Jiyeon Choi received her M.S. from Korea University in Seoul, Korea and her Ph.D. in cell and developmental biology from Rutgers University in New Jersey. In 2011, Dr. Choi joined NCI as a postdoctoral fellow in the Laboratory of Translational Genomics; she was promoted to research fellow in 2016. In 2019, Dr. Choi was appointed as an Earl Stadtman Investigator and selected for the NIH Distinguished Scholars Program.
Dr. Choi has received numerous awards for her work, including the NCI Director’s Intramural Innovation Award and the DCEG Outstanding Research Paper by a Fellow.
Dr. Choi’s research focuses on understanding genetic susceptibility to melanoma and lung cancer.
Genetic Susceptibility to Lung Cancer and Melanoma
A central goal of Dr. Choi’s research is to identify genes and molecular pathways through which heritable genetic variants confer increased cancer risk. Genome-wide association studies (GWAS) have identified numerous genomic loci associated with lung cancer risk, including those specifically associated with smoking status, ethnicity, histological subtypes, and a specific somatic driver mutation. To identify functional variants and affected genes from these loci simultaneously, Dr. Choi uses a functional genomics approach, including massively parallel reporter assays (MPRA), CRISPR-based screening, and chromatin interaction studies. She also explores heritable gene expression regulation patterns by building cell-type specific expression quantitative loci (eQTL) and other QTL datasets (e.g. DNA methylation, RNA splicing, and microRNA expression). These QTL datasets allow her to characterize lung cancer and melanoma GWAS loci by integrating them with other functional genomic data. She further investigates susceptibility genes identified from these integrative approaches in cell-based systems to elucidate their roles in tumor evolutionary trajectory in the context of somatic driver events.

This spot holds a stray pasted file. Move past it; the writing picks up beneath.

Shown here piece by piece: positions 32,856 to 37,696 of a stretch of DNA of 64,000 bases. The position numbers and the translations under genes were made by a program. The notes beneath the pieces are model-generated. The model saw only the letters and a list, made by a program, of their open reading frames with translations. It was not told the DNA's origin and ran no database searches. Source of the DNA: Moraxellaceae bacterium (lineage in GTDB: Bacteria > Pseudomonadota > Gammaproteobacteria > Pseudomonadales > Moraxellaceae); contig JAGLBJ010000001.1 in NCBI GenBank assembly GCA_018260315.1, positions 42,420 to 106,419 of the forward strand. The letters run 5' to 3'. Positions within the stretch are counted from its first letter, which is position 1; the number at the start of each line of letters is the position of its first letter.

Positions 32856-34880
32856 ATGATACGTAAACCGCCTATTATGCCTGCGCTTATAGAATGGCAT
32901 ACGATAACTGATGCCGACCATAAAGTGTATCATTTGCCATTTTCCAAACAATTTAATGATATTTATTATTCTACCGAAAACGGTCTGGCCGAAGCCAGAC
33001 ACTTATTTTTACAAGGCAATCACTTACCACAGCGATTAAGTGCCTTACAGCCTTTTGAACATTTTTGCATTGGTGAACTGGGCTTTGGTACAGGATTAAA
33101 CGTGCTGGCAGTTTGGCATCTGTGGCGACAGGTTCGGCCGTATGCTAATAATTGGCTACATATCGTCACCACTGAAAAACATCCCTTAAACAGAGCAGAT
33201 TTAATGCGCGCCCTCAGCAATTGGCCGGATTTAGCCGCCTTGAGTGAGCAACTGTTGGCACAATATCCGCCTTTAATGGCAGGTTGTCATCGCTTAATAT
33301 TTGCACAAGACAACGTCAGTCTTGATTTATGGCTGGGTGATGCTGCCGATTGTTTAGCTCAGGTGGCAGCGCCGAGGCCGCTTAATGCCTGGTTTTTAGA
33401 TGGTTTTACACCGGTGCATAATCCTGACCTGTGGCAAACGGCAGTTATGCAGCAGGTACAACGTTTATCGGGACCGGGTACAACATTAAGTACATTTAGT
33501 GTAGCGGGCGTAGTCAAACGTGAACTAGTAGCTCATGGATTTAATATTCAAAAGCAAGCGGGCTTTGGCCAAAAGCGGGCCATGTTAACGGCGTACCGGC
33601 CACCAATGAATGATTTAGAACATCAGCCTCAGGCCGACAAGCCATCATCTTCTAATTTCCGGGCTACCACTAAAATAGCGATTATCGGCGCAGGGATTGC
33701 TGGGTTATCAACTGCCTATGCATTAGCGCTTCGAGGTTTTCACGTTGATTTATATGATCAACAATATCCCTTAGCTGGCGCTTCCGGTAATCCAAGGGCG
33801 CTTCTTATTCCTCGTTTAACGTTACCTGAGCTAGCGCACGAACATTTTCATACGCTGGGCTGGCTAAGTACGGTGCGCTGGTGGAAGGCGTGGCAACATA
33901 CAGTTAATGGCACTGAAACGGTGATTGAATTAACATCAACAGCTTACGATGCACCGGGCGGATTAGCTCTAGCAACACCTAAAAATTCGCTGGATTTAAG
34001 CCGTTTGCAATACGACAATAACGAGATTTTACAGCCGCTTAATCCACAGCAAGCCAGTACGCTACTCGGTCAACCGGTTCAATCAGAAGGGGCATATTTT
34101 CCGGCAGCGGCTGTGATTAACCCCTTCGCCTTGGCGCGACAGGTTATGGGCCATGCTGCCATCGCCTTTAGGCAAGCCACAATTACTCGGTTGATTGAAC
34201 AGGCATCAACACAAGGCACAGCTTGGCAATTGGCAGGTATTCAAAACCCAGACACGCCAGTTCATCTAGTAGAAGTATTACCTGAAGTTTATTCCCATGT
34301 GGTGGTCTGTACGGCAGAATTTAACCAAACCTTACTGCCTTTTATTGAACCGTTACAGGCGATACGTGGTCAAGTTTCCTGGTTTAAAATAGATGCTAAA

Lung Cancer Etiology in Never Smokers
In the U.S., between 80-90 percent of lung cancer is attributable to smoking or tobacco use. However, the cause of lung cancer in never smokers requires further investigation into the contribution of germline genetics, environmental exposures, and their interaction with susceptibility genes. Dr. Choi aims to understand genetic susceptibility to lung cancer in never smokers by performing functional follow-up studies on GWAS data from Asian female never smoker lung cancer cases. Her research will also expand to include the functional characterization and validation of data generated from the Sherlock-lung study, which aims to trace lung cancer etiology in never smokers. This effort includes cell-based assessment of exogenous and endogenous tumor mutational processes inferred from somatic mutational signatures and characterization of somatic driver events specific to this subtype of lung cancer. Dr. Choi will integrate findings from these studies to identify the cellular and environmental context in which susceptibility genes are functional and conferring risk.